Black soldier fly larvae can help. 

Not only will the act of eating these tasty snacks distract your chickens, but it will also give them something to do as they may feel the desire to chase the larvae (and each other, when holding the larvae) around the chicken yard. Chicken football, at its finest! 

4. Dry, Odorless, and Clean 

Black soldier fly larvae are dry to the touch, not slimy. They also produce no odor, so they won’t stink up your house, barn, or chicken coop. Since they don’t spread diseases, you don’t have to worry about them getting your chickens sick, either. 

How to Raise Black Soldier Fly Larvae

black soldier fly

You can easily buy your own black soldier fly larvae online, but it can be much more fun (and less expensive) to raise your own.

1. Buy Some Starter Larvae & Set Up Their Home

You need to begin by purchasing black soldier fly larvae from a reputable source. You can purchase these online and have them shipped right to your door. Make sure you have their home set up long before they get there so you aren’t scrambling to complete it at the last minute.

At the very least, the home will need to consist of a place where the insects will live along with a lid to keep contaminants out. You’ll also need a method of providing food and for organic fluid to drain back out, along with a way to harvest your larvae. 

The substrate needs to be no more than three inches deep. Otherwise, your larvae can suffocate. Make sure this structure is mold- and weather-resistant, and don’t place it in direct sunlight or otherwise inopportune conditions.

2. Control for Humidity & Temperature

First, make sure you have the optimal conditions. The larvae survive at temperatures as low as 35 degrees. However, they will be the most productive between 50 and 113 degrees. The ideal temperature is 95 degrees. 

While the black soldier flies are mating, you will need to keep humidity between 30 and 90%. The temperature should be slightly lower, at 82 degrees. After mating, the larvae will mature the quickest at 70% humidity, but you can keep temperatures the same.

To maintain humidity, you can simply moisten the feed. This helps in another way, too. If the fee is too dry, your flies will have a hard time digging in. If it’s too wet, they can suffocate or drown.

3. Add Your Food

Next, you need to add some food. Black soldier flies will eat any kind of organic matter, like food scraps, coffee grounds, compost, or even manure. If you’ve ever raised your own compost worms, feeding your fly larvae will be almost the same. Avoid inorganic materials as well as fats and meats.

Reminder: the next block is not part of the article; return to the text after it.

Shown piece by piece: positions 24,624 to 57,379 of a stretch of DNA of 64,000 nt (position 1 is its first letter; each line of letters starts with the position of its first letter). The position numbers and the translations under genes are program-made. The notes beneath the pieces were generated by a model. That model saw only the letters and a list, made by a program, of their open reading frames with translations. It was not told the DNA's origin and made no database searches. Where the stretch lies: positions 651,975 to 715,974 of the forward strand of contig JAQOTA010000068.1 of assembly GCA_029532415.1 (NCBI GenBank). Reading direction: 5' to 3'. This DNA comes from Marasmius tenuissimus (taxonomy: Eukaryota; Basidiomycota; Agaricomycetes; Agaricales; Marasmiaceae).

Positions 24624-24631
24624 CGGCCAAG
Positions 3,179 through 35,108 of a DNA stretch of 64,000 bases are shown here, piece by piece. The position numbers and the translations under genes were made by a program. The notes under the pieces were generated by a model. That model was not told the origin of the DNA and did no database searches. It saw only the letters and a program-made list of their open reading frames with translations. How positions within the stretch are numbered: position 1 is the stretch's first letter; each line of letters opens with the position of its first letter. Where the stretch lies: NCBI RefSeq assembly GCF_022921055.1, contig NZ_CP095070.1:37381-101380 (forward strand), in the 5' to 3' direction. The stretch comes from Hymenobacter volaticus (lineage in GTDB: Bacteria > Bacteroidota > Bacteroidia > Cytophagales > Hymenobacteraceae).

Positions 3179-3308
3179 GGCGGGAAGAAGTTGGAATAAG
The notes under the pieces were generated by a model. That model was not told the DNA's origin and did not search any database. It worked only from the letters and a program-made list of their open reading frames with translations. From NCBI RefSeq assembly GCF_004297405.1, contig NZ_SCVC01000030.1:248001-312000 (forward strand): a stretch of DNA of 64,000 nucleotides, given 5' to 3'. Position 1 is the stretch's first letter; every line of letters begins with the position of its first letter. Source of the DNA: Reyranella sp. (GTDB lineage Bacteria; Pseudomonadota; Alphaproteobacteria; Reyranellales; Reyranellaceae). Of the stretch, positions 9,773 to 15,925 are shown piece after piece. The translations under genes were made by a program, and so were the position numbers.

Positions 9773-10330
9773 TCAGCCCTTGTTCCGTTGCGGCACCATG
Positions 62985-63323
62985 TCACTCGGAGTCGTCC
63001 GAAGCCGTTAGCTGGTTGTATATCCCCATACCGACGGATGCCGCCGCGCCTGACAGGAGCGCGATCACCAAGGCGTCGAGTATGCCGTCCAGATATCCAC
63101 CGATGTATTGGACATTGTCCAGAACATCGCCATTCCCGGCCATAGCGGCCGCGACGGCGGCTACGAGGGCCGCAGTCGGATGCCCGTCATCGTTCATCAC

Once the food is added and your black soldier flies are nice and cozy in their new home, all you need to do now is wait!

How to Harvest Black Soldier Fly Larvae

Without a doubt, harvesting black soldier fly larvae is the easiest part of the process. All you need to do is put a bucket with holes in it inside the container in which you are raising them. Put some food scraps inside, and wait.

Eventually, the larvae will wiggle their way into the bucket to get a snack. Then, you can feed the larvae to your chickens. 

If you have the facilities and know-how, you can freeze-dry your excess black soldier fly larvae for snacks later on too. While live larvae only have a shelf life of about three or four weeks, those that have been dried can be used for up to six months. After all, the lack of moisture prevents mold and bacteria growth. 

Consider Growing Your Own Black Soldier Fly Larvae

chickens like black soldier fly larvae

Growing black soldier fly larvae isn’t for everyone. After all, it does take a little bit of time and an isolated corner of your home or barn where you can place the larvae’s home. 

However, once you get the tub established, you can more or less let the critters fend for themselves. They’ll continue to regenerate as long as you keep adding waste! 

But if it’s not the right choice for you, don’t worry. You can also purchase dried black soldier larvae relatively inexpensive online – or consider other high-protein treats for your chickens like these.